Incorrectly copying people into emails could get you fined under new ICO guidelines

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Organizations across the UK could face fines for inadvertently copying people into email chains under new guidelines published by the country’s data regulator.

The Information Commissioner’s Office (ICO) has advised businesses to “use alternatives” to the blind carbon copy (BCC) function when sending bulk emails that contain potentially sensitive information.

The warning from the regulator coincides with the publication of new guidance detailing how organizations can improve data protection practices relating to email communications.

Best practice advice from the ICO suggests that organizations using “large amounts of data” should consider using alternative means to the BCC function to prevent exposure of personal information.

The guidance also recommends improving training regimes for staff to cultivate a stronger understanding of data protection regulations and their application in email communications.

Mihaela Jembei, ICO director of regulatory cyber, said the new guidelines will provide organizations with a clear-cut framework for best practices, and warned that those found to be operating negligently could be reprimanded.

“This new guidance is part of our commitment to help organizations get email security right,” she said.

“However, where we see negligent behavior that puts people at risk of harm, we will not hesitate to use the full suite of enforcement tools available to us.”

Responding to recent data breaches

The new guidance comes in direct response to a slew of data breaches related to email communications, which the regulator described as a “catalog of business blunders”.

An investigation into the issue from the ICO found that incorrect use of the BCC function is frequently in the top 10 of non-cyber-related breaches, with nearly 1,000 incidents reported since 2019.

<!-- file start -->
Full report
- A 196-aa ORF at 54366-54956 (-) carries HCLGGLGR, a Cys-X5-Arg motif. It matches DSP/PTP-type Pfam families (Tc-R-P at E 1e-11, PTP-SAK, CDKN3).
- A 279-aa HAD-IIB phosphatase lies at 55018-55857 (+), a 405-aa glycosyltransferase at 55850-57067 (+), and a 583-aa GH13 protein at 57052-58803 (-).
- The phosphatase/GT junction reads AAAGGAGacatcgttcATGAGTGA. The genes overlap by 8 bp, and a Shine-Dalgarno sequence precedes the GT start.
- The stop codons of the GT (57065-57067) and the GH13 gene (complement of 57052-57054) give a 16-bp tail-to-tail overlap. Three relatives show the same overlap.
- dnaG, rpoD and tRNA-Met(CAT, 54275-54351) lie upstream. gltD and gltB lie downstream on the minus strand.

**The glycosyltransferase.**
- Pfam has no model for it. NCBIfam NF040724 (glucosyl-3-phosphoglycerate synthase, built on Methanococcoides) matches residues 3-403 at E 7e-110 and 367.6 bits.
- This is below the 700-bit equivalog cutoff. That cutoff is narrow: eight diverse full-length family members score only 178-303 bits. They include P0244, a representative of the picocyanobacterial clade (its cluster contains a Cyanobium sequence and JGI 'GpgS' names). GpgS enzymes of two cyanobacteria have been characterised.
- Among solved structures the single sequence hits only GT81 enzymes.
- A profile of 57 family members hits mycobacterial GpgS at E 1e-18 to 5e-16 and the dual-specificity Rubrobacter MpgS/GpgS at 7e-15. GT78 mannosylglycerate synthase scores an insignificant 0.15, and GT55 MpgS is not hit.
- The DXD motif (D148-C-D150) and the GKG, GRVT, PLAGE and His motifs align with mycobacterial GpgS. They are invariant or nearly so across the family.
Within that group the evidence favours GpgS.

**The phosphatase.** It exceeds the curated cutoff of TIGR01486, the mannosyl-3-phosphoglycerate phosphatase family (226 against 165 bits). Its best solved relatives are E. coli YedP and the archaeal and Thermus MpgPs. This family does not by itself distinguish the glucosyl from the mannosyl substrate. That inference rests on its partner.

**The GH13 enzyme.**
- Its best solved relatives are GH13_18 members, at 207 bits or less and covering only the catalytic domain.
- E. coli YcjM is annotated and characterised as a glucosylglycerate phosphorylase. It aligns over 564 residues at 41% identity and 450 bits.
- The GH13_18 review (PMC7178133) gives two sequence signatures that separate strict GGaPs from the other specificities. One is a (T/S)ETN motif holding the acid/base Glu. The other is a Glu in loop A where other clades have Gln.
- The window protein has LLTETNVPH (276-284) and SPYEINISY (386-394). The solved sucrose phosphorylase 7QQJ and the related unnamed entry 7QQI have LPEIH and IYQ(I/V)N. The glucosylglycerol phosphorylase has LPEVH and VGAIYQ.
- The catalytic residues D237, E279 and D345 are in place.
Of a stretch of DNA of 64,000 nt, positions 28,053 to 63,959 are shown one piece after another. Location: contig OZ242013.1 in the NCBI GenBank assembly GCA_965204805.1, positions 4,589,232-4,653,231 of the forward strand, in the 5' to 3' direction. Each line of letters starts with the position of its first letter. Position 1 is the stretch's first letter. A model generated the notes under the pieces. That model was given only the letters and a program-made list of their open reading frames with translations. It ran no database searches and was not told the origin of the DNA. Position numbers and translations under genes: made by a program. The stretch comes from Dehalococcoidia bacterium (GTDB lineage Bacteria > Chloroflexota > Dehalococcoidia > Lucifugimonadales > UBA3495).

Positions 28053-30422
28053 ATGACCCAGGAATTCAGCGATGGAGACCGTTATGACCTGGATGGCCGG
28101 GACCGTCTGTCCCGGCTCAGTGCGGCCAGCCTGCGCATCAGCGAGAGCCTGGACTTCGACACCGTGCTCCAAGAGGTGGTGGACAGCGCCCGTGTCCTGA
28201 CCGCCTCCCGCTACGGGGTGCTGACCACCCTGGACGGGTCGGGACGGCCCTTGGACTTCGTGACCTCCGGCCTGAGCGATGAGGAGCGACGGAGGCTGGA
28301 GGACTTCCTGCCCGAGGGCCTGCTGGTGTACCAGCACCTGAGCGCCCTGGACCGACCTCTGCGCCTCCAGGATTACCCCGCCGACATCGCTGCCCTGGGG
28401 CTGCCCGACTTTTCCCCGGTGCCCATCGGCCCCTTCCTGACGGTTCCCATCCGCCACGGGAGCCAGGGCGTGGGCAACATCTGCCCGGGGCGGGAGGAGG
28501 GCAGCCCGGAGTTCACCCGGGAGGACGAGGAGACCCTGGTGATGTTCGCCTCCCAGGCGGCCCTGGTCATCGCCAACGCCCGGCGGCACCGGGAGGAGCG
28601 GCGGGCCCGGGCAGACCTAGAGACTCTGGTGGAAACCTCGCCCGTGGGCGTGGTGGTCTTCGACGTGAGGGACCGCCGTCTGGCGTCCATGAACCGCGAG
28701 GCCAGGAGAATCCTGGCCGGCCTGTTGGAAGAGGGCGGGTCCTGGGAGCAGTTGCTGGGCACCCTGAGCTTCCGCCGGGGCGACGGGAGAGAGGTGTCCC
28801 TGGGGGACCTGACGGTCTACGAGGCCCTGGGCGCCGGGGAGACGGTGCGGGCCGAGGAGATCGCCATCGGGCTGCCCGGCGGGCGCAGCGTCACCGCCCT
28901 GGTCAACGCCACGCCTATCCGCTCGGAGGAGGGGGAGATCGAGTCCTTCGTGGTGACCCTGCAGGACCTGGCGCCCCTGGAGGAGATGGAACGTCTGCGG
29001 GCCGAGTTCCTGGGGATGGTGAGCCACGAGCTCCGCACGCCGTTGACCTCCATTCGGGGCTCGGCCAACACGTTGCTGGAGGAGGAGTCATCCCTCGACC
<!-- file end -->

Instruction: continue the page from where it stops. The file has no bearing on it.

“Failure to use BCC correctly in emails is one of the top data breaches reported to us every year,” Jembei said. “These breaches can cause real harm, especially where sensitive personal information is involved.


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“While BCC can be a useful function, it's not enough on its own to properly protect people's personal information. We’re asking organizations to assess the nature of the information and the potential security risks when deciding on the best method to communicate with staff or customers."

Failures were found to be a recurring theme across a range of industries, with organizations in the education sector, healthcare, local government, and retail among the most frequently reported for email-related issues.

The regulator has taken a tougher stance on email-linked data breaches in recent years. In 2022 the Tavistock and Portman NHS Trust was fined £78,400 for exposing the email addresses of over 1,700 gender identity patients.

More recently, it reprimanded two Northern Ireland-based organizations for wrongly disclosing people’s information in an email chain. The ICO also issued a reprimand to NHS Highland in March after data belonging to people accessing HIV services was exposed.

The regulator described the incident as a “serious breach of trust” that put users of the service at risk.

Ross Kelly
News and Analysis Editor

Ross Kelly is ITPro's News & Analysis Editor, responsible for leading the brand's news output and in-depth reporting on the latest stories from across the business technology landscape. Ross was previously a Staff Writer, during which time he developed a keen interest in cyber security, business leadership, and emerging technologies.

He graduated from Edinburgh Napier University in 2016 with a BA (Hons) in Journalism, and joined ITPro in 2022 after four years working in technology conference research.

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